Understanding Gluten Sensitivity

Finding out that you are sensitive to gluten may be one of the most noteworthy and important breakthroughs you will ever make regarding your health. It can be an important turning point in your current health and will most assuredly prevent many undesirable future health problems. This is written for you so that you will have a better understanding of what gluten sensitivity is and what you need to do to treat the condition. 

What is GLUTEN?

Gluten is a protein found in the following grains: wheat, oats, rye, barley, spelt, kamut, couscous, amaranth, teff, quinoa and triticale.  If you are sensitive to gluten, the component of the gluten that causes the reaction is a protein structure called gliadin.  Gliadin (refer diagram below) is the substance found in gluten that induces inflammation in individuals that are sensitive.

The following diagram shows where the gliadin is found in the grain:

Gliadin in the Grain

What is gluten sensitivity?

Gluten sensitivity is a condition that results from a person’s body being unable to properly digest the gliadin protein. People without gluten sensitivity can digest and break down gliadin into very small particles and those small particles can then be easily absorbed by the small intestine and used by the body as a nutritional source.

Those people who are gluten sensitive cannot break down the gliadin protein molecule in to small enough particles. The undigested gluten protein gets absorbed into the first layer of the membranes of the small intestine. But because the food is not fully digested the body’s immune systems sees these protein particles as something it needs to attack and destroy, in very much the same way the immune system would attack an invading organism such as a virus, bacteria or parasite.  The attack by the immune system is what causes the problems because the surrounding tissue of the small intestine can become severely damaged. It results in two significant problems in the small intestine:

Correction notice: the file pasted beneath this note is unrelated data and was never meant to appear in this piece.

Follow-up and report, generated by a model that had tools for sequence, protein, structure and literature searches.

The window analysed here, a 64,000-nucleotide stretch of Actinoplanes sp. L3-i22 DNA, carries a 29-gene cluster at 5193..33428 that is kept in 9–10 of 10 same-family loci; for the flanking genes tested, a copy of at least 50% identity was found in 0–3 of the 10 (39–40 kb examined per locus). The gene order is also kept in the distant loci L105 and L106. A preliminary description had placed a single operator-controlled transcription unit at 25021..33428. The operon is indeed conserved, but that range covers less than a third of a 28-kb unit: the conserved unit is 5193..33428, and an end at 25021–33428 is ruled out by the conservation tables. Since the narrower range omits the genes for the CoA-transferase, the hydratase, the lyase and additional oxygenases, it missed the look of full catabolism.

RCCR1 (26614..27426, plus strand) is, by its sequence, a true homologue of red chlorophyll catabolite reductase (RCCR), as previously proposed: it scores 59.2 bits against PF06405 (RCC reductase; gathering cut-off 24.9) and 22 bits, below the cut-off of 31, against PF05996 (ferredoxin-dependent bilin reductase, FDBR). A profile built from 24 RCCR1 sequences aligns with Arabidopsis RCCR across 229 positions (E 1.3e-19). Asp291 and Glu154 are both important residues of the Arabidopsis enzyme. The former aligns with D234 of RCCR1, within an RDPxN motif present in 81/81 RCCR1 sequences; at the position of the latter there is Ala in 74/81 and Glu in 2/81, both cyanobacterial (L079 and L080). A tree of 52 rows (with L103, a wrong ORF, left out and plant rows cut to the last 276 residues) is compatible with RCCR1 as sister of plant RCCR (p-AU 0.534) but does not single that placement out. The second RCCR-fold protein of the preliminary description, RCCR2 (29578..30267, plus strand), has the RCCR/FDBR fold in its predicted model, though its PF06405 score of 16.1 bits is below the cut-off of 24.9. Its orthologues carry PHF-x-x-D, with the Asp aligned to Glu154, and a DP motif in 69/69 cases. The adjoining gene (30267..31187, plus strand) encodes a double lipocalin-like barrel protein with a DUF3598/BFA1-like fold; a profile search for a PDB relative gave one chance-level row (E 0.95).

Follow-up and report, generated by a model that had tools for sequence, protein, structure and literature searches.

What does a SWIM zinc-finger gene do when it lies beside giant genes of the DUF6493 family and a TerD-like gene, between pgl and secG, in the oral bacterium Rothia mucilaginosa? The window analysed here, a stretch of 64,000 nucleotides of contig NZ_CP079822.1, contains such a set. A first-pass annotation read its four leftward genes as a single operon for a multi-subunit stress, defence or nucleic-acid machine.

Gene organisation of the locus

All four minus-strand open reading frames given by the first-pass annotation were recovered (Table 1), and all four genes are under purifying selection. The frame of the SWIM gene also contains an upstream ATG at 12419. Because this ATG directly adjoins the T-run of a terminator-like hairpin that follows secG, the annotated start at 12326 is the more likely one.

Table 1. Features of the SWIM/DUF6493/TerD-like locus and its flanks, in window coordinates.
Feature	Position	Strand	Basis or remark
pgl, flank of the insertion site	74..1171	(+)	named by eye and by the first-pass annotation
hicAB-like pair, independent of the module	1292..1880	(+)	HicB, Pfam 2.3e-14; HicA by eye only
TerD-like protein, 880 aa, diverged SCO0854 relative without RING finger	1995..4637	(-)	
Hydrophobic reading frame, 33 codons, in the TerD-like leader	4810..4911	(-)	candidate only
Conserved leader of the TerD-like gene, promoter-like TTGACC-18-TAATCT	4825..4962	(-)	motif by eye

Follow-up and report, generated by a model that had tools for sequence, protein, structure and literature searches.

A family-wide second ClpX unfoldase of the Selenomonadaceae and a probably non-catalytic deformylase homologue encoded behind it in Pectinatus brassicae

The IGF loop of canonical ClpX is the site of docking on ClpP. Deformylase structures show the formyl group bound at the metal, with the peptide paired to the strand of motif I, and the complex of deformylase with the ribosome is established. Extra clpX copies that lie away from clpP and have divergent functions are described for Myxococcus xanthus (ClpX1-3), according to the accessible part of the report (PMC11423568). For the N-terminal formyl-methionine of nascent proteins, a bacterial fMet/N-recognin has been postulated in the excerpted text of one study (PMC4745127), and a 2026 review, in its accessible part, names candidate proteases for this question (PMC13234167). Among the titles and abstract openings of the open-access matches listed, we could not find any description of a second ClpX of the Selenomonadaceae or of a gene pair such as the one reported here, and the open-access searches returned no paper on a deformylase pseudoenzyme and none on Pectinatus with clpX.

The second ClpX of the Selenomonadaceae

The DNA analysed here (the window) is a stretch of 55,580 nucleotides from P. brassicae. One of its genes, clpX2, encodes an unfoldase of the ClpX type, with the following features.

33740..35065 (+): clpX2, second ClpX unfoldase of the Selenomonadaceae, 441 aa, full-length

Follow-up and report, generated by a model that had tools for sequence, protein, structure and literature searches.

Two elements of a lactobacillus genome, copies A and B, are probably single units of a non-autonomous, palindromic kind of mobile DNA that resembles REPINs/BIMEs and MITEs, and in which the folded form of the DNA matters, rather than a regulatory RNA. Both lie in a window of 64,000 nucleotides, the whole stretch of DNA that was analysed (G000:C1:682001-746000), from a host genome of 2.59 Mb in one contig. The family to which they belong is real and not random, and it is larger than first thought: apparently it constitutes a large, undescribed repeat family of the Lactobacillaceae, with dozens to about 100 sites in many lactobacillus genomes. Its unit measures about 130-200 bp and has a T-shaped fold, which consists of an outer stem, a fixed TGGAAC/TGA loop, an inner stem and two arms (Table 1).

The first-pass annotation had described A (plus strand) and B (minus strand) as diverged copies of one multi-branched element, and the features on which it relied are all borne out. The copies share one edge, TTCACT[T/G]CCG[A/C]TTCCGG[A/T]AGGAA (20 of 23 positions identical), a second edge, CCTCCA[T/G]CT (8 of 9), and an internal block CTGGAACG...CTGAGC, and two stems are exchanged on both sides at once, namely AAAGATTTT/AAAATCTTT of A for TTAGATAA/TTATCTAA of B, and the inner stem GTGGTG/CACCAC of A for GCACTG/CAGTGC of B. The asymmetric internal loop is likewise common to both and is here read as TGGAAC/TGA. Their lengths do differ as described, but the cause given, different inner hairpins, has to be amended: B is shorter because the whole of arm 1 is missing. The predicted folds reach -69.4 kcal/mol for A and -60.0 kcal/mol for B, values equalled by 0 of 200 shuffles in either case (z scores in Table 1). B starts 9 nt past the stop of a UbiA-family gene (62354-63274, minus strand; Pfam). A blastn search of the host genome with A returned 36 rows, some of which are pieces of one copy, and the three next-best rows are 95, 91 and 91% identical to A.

Malabsorption

The surface area of the small intestine is reduced and the tissue becomes very unhealthy. This results in a condition called malabsorption, which means that the small intestine can no longer properly absorb foods and essential vitamins and minerals.

The attack of the immune system directly affects the surface membrane of the small intestine and essentially creates large gaps in the membranes resulting in the membranes becoming permeable to large size proteins. These proteins would not be passing through a healthy small intestine. One of the biggest problems for gluten sensitive individuals is that this permeable membrane will allow the large undigested gluten molecules to enter the blood stream. These gluten molecules can then travel through the bloodstream and adhere to tissues distant from the small intestine and create damage to those tissues.  This occurs because the immune system is actively fighting gluten molecules wherever it finds them. This phenomenon explains why gluten sensitivity can create problems throughout the body and may in fact create many symptoms in other parts of the body in addition to or other than the small intestine.

Conditions caused by gluten sensitivity

Gluten sensitivity can create a broad range of symptoms and conditions. One of the most serious of these is a condition called celiac disease. However, gluten sensitivity can create many other serious problems.

Possible Symptoms and Conditions of Gluten Sensitivity:

  • Craving for wheat or inability to stop eating wheat
  • Allergies, asthma
  • Sinus congestion, post-nasal drip
  • Joint and muscle aches
  • Diarrhea and/or constipation
  • Gas, bloating, abdominal pain